the location of the peak. Let the tracking cross settle on the top of the peak and look at the mouse
bar. It should now be showing the frequency and level of the peak.
For further analysis, stop the measurement for a while (STOP ANALYSIS on the left side) as well
as the calibrator and zoom into the upper graph, the TIME SIGNAL. If you zoom in (drag using the
left mouse button), you will immediately recognize that the horizontal bar is actually a
graphically compressed sine wave signal. Again, use the mouse tracking cursor, find the
maximum and read it off the mouse bar.
Program Tutorial - Measurements with a Single Input Channel
In our case we find approximately 14.2 Pa which equals 117 dBSPL. At first glance, this seems
wrong as we measured a 114 dBSPL before in the frequency domain. However, here we need to
distinguish between peak values, like the maximum shown in the TIME SIGNAL, and RMS (rootmean-square) average values, like shown in the SPECTRUM. For a sinusoidal wave the peak value
is 3 dB higher than the RMS value and that is exactly what we found.
Hint: Repeat this relationship in your mind for a moment, because we will encounter this more
often while working with the software. It is important to understand that some parts of the
program show peak values, while others will use RMS values. It depends on the purpose which
type of value is needed or used. Regarding measuring platforms it can happen that errors sneak
into reports or analyses when it is not clearly distinguished between peak and RMS. If you talk
about the level of a signal, make sure you always mention what kind of level you refer to.
We have introduced the input spectrum as another way to look at the data recorded by the
microphone. We have talked about various display parameters like the weighting curve and the
resolution. We have also introduced the measuring parameters FFT size and number of averages.
In this respect we discussed about the trade-off between time resolution and frequency
resolution, this relationship will become even clearer in the next section when we look at the
spectrogram. Finally, we looked at the signal of an external sine wave generator in both time and
frequency and verified the calibration.
2.3. Spectrogram
The SPECTROGRAM is the third type of graph available for input data. Switch the upper graph from
TIME SIGNAL to SPECTROGRAM to see it. Rather than a line or bar graph the display now shows a
color map that is continuously moving from the bottom to the top. But only at first glance it
looks much different from the Spectrum graph that we investigated a little earlier.
Program Tutorial - Measurements with a Single Input Channel
You will notice that on the right hand we also have the selections for WEIGHTING, RESOLUTION
and UNIT. For the moment please choose the same settings as displayed here: NONE for
WEIGHTING, 1/12 for RESOLUTION and DIGITAL FS for UNIT. Also return the measuring
parameters to their original state, which were an FFT SIZE of about 1.5 seconds and just a
single AVERAGE.
In the graph, the horizontal axis shows the frequency range just like the SPECTRUM. However, the
vertical axis no longer measures level but rather the time that has passed by, from now to a
defined point in the past. The level is mapped to a color scale and you will find that scale directly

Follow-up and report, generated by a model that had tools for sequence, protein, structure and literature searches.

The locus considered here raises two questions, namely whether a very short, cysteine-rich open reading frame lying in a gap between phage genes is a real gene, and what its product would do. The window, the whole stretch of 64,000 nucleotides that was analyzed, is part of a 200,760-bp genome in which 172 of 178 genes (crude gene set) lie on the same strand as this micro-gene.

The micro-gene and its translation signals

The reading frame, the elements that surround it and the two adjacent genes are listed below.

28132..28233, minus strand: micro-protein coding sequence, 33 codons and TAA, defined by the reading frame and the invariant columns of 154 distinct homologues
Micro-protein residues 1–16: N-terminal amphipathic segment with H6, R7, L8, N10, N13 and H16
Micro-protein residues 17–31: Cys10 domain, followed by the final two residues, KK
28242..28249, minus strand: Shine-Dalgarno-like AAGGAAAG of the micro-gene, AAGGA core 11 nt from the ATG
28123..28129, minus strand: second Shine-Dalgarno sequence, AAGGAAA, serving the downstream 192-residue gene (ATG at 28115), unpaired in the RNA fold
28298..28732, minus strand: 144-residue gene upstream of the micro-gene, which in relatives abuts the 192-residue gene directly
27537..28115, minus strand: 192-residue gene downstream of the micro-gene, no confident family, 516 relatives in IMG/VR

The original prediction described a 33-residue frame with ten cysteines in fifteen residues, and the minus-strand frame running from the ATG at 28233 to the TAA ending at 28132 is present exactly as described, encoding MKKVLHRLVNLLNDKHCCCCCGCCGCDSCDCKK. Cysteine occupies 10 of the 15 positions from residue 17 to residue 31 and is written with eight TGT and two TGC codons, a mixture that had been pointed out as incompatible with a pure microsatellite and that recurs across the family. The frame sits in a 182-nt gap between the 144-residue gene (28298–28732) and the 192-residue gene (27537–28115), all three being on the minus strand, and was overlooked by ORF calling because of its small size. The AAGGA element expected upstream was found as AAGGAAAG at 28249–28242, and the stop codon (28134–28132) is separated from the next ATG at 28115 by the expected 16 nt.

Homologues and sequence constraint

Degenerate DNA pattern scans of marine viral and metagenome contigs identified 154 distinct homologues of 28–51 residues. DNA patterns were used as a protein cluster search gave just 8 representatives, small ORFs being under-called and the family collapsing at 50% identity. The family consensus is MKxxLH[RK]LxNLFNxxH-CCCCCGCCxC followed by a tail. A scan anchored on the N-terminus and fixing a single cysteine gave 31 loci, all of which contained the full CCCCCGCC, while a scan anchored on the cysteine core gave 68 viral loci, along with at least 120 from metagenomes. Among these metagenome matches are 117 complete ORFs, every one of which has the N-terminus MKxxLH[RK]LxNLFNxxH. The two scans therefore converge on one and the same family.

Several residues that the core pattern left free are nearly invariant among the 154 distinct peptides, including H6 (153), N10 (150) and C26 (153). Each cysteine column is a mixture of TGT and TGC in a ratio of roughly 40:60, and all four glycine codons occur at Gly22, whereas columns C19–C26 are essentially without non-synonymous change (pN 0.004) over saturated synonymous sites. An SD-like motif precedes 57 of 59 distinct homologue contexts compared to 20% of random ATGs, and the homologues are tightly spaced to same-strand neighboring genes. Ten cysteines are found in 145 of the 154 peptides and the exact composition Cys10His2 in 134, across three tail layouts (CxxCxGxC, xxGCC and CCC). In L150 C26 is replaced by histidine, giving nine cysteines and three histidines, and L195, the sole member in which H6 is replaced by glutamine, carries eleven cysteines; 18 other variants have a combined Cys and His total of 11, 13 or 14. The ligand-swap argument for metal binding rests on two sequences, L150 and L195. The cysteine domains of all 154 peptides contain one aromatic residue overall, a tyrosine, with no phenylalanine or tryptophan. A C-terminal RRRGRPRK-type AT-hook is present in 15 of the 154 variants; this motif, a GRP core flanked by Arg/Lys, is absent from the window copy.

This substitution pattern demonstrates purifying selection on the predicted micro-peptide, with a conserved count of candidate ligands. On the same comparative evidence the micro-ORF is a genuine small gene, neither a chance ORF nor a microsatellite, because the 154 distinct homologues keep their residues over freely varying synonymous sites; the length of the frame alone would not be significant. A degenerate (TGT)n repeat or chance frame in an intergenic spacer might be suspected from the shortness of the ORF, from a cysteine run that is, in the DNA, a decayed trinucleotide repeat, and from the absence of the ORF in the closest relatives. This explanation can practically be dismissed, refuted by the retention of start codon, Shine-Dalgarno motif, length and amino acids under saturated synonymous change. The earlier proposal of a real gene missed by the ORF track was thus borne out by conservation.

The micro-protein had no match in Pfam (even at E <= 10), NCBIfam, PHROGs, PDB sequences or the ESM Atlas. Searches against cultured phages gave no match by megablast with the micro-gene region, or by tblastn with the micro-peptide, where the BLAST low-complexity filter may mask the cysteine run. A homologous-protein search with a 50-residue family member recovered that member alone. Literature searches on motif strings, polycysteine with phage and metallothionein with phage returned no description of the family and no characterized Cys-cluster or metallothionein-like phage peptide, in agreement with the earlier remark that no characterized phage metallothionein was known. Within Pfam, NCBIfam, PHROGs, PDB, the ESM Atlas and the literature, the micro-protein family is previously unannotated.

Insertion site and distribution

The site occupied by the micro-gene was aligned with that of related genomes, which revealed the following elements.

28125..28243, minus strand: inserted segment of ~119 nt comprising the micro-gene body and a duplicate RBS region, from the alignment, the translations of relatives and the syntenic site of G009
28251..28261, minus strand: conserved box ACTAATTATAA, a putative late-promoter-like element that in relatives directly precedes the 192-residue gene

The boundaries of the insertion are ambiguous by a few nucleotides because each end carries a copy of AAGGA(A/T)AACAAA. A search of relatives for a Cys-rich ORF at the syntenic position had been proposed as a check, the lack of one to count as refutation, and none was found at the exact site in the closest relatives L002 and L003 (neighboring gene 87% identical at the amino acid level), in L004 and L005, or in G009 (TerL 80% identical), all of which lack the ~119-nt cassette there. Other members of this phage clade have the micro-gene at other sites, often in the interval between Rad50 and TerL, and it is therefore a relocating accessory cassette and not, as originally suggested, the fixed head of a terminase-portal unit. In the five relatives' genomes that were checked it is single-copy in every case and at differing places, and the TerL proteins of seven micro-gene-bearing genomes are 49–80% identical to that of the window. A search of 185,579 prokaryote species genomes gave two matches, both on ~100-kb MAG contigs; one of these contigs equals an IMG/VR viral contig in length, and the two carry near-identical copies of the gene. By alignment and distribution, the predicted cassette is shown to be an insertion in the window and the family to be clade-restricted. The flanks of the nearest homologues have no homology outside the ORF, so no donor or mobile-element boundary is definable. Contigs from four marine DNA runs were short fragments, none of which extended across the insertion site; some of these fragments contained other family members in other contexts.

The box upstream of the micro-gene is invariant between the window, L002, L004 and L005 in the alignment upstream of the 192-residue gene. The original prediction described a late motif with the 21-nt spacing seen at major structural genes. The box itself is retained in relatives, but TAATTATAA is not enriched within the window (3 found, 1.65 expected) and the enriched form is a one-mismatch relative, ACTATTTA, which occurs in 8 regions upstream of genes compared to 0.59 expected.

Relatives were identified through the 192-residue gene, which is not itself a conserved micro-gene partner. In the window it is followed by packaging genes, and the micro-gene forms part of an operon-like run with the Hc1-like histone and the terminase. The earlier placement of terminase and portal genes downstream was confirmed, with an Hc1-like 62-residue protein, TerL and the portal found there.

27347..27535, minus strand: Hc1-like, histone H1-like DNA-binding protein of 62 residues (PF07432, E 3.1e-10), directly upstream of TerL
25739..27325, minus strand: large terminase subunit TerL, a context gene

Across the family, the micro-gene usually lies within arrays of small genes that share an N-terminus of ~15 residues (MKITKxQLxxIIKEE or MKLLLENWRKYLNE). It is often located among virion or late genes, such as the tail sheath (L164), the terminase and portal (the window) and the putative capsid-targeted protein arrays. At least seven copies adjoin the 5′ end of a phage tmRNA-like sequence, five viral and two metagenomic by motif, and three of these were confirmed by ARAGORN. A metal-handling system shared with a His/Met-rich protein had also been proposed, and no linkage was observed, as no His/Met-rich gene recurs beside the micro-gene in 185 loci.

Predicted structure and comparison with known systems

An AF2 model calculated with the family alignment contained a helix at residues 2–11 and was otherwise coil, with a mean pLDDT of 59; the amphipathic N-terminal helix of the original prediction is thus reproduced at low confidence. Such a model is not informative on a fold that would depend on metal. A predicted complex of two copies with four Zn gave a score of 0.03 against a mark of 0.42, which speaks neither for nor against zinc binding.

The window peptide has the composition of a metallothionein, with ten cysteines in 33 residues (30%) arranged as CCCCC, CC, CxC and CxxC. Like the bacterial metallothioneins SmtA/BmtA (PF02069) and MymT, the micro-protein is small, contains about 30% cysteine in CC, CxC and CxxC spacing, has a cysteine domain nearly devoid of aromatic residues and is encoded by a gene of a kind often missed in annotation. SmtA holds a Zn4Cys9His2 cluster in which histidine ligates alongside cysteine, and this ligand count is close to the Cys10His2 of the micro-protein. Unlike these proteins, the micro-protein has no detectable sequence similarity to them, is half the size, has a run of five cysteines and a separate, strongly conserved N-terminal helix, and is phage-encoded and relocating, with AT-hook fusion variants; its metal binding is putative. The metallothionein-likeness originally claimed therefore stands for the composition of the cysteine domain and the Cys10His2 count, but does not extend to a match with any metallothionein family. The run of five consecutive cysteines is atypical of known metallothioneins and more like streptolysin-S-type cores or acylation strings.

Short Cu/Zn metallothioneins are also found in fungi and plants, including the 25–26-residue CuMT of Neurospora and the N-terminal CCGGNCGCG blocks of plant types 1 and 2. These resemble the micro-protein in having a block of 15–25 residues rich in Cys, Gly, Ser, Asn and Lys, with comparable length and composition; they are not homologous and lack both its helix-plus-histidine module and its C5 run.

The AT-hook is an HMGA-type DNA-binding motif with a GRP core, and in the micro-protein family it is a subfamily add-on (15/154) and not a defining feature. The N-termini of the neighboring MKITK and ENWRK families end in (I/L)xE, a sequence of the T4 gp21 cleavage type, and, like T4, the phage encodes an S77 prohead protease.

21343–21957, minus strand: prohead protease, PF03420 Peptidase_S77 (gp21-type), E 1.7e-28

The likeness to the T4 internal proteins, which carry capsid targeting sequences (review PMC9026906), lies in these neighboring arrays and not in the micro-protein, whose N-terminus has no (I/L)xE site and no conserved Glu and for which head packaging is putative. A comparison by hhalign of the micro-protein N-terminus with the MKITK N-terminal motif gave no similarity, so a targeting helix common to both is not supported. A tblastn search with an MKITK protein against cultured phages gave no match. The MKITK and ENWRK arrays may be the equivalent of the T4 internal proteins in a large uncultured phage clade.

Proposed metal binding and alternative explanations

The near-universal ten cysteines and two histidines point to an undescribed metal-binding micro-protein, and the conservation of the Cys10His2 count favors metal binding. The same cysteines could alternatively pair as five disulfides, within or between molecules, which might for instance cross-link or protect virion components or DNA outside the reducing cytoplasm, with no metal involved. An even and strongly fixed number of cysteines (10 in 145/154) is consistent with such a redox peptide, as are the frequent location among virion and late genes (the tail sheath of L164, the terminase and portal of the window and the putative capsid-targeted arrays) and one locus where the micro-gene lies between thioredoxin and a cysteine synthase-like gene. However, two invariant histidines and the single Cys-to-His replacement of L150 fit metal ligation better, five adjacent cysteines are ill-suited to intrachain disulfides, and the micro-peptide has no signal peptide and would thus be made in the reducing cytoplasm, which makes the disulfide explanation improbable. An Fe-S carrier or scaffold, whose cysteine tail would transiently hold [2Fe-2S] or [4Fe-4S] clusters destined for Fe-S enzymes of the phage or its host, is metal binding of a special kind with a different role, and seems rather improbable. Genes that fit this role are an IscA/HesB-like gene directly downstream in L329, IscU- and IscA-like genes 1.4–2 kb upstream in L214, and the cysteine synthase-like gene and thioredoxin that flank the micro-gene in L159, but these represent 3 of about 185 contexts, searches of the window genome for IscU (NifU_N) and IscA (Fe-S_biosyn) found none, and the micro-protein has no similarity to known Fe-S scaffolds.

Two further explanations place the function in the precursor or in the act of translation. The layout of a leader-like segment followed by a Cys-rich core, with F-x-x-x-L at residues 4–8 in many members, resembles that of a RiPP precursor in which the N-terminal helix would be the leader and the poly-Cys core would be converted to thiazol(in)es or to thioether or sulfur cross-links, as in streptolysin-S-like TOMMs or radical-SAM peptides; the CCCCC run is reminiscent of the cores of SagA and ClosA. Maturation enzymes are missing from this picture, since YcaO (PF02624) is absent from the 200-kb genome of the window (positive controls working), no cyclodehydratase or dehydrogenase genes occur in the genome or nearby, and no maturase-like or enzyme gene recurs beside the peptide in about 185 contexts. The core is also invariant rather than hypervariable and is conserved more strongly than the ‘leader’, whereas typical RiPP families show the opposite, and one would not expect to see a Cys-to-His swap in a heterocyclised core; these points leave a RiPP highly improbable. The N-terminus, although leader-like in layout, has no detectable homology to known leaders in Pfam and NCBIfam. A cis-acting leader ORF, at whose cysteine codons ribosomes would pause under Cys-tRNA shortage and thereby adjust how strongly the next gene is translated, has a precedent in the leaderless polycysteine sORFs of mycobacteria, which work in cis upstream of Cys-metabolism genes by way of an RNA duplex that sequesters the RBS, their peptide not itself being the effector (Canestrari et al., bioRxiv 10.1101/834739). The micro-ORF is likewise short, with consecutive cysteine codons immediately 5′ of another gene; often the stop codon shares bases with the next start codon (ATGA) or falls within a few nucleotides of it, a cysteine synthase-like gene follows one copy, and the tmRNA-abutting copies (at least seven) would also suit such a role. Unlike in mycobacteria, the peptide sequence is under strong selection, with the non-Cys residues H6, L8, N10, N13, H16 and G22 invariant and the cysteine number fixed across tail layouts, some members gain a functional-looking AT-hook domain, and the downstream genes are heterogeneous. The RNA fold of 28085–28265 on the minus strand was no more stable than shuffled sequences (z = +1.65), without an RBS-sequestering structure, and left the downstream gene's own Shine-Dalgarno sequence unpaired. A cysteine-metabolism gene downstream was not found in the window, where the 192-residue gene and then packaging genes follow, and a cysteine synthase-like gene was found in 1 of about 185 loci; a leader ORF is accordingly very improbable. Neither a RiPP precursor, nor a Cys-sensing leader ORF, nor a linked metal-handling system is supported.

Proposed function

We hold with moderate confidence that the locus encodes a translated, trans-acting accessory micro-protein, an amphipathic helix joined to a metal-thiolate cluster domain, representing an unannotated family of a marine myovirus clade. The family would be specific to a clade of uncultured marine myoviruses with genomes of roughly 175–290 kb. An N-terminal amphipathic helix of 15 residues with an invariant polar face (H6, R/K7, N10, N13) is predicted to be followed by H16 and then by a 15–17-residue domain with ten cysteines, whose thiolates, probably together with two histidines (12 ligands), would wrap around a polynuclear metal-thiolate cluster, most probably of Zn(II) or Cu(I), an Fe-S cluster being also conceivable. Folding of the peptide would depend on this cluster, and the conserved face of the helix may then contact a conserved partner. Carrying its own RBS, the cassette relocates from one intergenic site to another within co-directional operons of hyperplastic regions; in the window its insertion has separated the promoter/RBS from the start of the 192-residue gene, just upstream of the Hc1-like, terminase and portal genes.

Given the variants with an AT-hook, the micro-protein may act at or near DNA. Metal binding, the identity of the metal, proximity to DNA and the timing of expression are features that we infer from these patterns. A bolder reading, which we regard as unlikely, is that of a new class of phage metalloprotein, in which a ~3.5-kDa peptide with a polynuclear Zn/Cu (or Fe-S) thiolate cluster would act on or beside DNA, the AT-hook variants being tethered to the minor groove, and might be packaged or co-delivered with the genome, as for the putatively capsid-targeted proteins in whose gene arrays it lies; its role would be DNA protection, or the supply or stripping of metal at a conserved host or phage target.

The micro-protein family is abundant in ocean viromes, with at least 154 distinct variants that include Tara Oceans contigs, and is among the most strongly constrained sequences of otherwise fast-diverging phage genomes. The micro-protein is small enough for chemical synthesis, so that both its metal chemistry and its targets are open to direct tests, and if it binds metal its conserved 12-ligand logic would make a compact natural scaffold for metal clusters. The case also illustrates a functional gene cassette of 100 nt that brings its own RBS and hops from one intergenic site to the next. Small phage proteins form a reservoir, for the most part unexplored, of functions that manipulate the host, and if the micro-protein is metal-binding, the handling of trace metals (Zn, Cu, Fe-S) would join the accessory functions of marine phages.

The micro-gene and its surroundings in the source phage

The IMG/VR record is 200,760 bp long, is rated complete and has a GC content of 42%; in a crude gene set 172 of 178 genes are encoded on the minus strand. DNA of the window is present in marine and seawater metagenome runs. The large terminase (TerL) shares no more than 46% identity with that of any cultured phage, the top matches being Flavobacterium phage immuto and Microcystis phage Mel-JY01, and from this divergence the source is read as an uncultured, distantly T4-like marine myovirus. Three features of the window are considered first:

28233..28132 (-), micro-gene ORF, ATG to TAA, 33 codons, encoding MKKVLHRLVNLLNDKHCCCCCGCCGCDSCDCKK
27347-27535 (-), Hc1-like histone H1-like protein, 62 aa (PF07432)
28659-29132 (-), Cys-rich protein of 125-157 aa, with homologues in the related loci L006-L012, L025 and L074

above the spectrogram itself. In contrast to the two previous graphs we looked at, the
SPECTROGRAM can be considered to be a three-dimensional graph because it shows level as a
function of frequency and of time. In fact, you can imagine it as nothing else than many
SPECTRUM graphs in a chain and arranged depending on the time when they were recorded.
Equivalently, you may consider the vertical axis as the time axis defined in the TIME SIGNAL
plot, but now you can see the whole spectrum for each point of time.
But still, our reasoning from the previous section is true. There is no such thing as a high
resolution of events in time and in frequency simultaneously. To make this clear, we will run a
short test. First switch the displayed RESOLUTION to 1/96. After that, create some impulse-like
signal at the microphone, for example, clap your hands.
What you will see as a result in the SPECTROGRAM is a signal that is precisely defined in the
frequency domain and that is strongly smeared out in the time domain - note the very thin long
vertical lines of constant color. These resolutions correspond directly to the FFT SIZE selected
Program Tutorial - Measurements with a Single Input Channel
Now, change the FFT SIZE to something like 0.05 seconds and clap your hands again. You will
see a signal that is well defined in time but has a rough frequency resolution. This is especially
visible for the low frequencies where you can see long horizontal lines of the same color.
You may not see exactly the same results as printed here; naturally the actual levels depend on
the sensitivity of the microphone, on your soundcard etc. However, the default color scale is
configured to be very wide, covering a range from –90 dBFS to 0 dBFS. To obtain a better color
resolution check the SPECTRUM graph at the bottom for the approximate minimum and maximum
levels you would like to see. This might be –120 dBFS to –60 dBFS for 1/12th octave bands, the
levels depend on the resolution of the frequency bands. To adjust the colors for that range,
double-click on the color scale to open a window like the one below: